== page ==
US views removal of GSP perks as trivial

US views removal of GSP perks as trivial

US Secretary of Commerce Wilbur Ross addressed the recent US decision to remove Generalized System of Preferences (GSP) tariff exemptions on US$1.3 billion in Thai exports on Monday, calling the amount "trivial" and affirming there is still time for negotiations before the tariffs take effect in April.

At the Indo-Pacific Business Forum, a US-organised trade conference held concurrently with the Asean Summit, Mr Ross attempted to clarify misconceptions around the GSP tariffs.

"The GSP issue has been blown way out of proportion," Mr Ross said. "Some 70% of Thailand's GDP is exports, making up $340 billion, and the total amount of GSP products exported to the US last year was $4.4 billion, while only $1.3 billion is being removed from the zero-tariff category."


In October, the US Trade Representative (USTR) announced it would end GSP tariff exemptions for Thailand, affecting 573 products including all Thai seafood products. The USTR cited labour rights violations as the reason for the removal of GSP protections.

The Commerce Ministry said the higher import tariff of 4.5% is expected to reduce US-bound exports by $28.8-32.8 million next year, or 0.01% of overall exports.

"The $1.3 billion is 0.38% of Thailand's GDP and that trivial proportion is subject to tariffs averaging 4.5%," Mr Ross said. "It is no big deal, but there is still time between now and April 2020, before the tariffs go into effect, to renegotiate the underlying issue of workers rights."

While the dollar amount may appear insignificant compared to GDP, the tariff increases represent one more blow to an already beleaguered Thai export sector that is reeling from a stronger baht and disruption from the US-China trade war.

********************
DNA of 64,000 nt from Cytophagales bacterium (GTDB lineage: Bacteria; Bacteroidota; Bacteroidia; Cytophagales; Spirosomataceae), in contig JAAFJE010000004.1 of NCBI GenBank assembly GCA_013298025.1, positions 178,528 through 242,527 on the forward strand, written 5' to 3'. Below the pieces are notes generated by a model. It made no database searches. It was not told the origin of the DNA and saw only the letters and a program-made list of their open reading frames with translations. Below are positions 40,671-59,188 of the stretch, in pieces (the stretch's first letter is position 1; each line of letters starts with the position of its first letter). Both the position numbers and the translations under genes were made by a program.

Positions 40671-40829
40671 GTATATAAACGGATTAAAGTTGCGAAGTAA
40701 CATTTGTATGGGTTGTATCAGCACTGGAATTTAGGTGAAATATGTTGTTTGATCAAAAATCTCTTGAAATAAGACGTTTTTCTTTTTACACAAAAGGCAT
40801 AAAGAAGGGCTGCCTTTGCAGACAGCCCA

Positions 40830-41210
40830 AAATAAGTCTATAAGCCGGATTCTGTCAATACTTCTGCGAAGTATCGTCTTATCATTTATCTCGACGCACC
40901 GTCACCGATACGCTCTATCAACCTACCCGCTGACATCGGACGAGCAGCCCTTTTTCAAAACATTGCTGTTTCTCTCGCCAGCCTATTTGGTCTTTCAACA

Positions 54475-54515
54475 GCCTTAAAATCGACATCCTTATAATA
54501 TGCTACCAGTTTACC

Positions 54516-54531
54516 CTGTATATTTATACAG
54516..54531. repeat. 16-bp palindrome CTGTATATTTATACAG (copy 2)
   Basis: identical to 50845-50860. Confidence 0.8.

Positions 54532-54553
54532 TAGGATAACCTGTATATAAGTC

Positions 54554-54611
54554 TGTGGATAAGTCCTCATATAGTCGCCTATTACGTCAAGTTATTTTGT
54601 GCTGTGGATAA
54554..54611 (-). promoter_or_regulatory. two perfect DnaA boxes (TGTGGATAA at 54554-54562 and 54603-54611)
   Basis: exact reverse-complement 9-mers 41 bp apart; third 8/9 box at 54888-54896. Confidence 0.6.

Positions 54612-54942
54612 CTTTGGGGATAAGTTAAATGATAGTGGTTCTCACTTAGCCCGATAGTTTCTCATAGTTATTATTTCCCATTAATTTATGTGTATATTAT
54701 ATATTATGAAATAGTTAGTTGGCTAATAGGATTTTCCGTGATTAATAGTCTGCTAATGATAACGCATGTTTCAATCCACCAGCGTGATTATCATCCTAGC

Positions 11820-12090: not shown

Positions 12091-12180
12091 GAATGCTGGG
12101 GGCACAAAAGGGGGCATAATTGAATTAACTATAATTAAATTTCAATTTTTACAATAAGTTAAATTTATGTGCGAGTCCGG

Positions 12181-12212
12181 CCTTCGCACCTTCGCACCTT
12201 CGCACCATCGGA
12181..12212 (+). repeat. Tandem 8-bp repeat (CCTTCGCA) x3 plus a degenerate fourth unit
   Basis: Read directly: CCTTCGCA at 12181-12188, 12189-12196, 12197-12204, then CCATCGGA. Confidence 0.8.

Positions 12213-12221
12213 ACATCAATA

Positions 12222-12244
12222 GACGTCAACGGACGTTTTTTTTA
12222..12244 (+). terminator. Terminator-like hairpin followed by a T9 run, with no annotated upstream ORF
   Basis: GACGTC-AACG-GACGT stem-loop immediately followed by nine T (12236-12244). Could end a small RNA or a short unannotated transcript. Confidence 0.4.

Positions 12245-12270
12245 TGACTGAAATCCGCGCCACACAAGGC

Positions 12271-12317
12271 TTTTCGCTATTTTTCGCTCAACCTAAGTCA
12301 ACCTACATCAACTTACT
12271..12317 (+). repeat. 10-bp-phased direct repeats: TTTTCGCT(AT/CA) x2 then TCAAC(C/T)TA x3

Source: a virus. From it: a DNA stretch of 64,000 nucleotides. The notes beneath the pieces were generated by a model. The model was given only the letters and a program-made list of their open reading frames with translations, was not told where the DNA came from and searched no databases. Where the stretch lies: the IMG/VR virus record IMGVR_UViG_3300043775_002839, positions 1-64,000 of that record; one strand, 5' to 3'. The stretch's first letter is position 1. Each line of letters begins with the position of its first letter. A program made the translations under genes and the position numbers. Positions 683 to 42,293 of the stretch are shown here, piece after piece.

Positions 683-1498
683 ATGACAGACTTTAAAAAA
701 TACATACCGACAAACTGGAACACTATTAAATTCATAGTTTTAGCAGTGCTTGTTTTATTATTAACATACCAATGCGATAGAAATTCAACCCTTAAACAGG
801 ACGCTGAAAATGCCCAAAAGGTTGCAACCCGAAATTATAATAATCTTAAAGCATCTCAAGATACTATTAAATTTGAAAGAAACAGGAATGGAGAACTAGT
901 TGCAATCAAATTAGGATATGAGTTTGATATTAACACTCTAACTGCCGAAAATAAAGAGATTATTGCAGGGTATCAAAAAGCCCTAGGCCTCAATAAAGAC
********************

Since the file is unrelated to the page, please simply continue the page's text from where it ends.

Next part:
The rationale behind the tariffs is Thailand's violations of worker's rights, however this is not an issue normally pushed on other nations by the Trump administration. The new tariffs are part of expansive efforts to reduce the US trade deficit in Asia-Pacific, most notably with China.

According to the USTR, Thailand exported $31.9 billion to the US in 2018, while importing only $12.6 billion, a $19.3 billion deficit for the US.

"As part of the GSP scheme, there are a number of requirements for countries to benefit," said Michael Heath, charge d' affaires at the US embassy in Bangkok. "One issue is labour rights, such as allowing migrant workers to unionise. We have talked with the Thai government about this issue for the past six years and have not come to a resolution."

The EU had previously raised concerns about labour practices in Thailand's fishing industry over allegations of using slave labour and insufficient policing of illegal fishing, and issued a yellow card, threatening to halt all seafood imports from Thailand if the issues were not addressed. However, the EU removed the yellow card this year in January after it found Thailand had appropriately reformed its seafood industry.

Perhaps a more likely explanation for the sudden removal of tariff exemptions by the US is the large trade deficit with Thailand, as well as Thailand's decision to ban certain chemicals, which will in turn reduce US agricultural exports to the kingdom.

"We will continue to discuss with the Thai government this issue and understand it will be based on public health concerns, but also want it to be based on sound scientific research," Mr Heath said.

"A number of studies have found these chemicals are not carcinogenic and safe for consumption."


Last weekend, Prime Minister Prayut Chan-o-cha met with Mr Ross at the Asean Summit to discuss trade and investments, while raising concerns over the GSP revocation.

Mr Ross, the highest ranking official sent by the US to the Asean Summit, was accompanied by a group of American investors who are being courted for investment in Thai industries such as aerospace and digital technology, especially in the Eastern Economic Corridor (EEC).

"Many US companies are having great success in the EEC like Ford Motor Co and Jelly Belly," Mr Heath said.

"US companies that based their production in the EEC told me they did it because they got good treatment from the Board of Investment."

He said Thailand is still a very attractive place for investment, and US companies have billions of dollars of unannounced investment deals in Thailand.

At the forum, the US-based glass manufacturing company Guardian Industries announced it will open its regional headquarters in Bangkok. Mr Heath said the move is in part due to the attractiveness of the market in Thailand.

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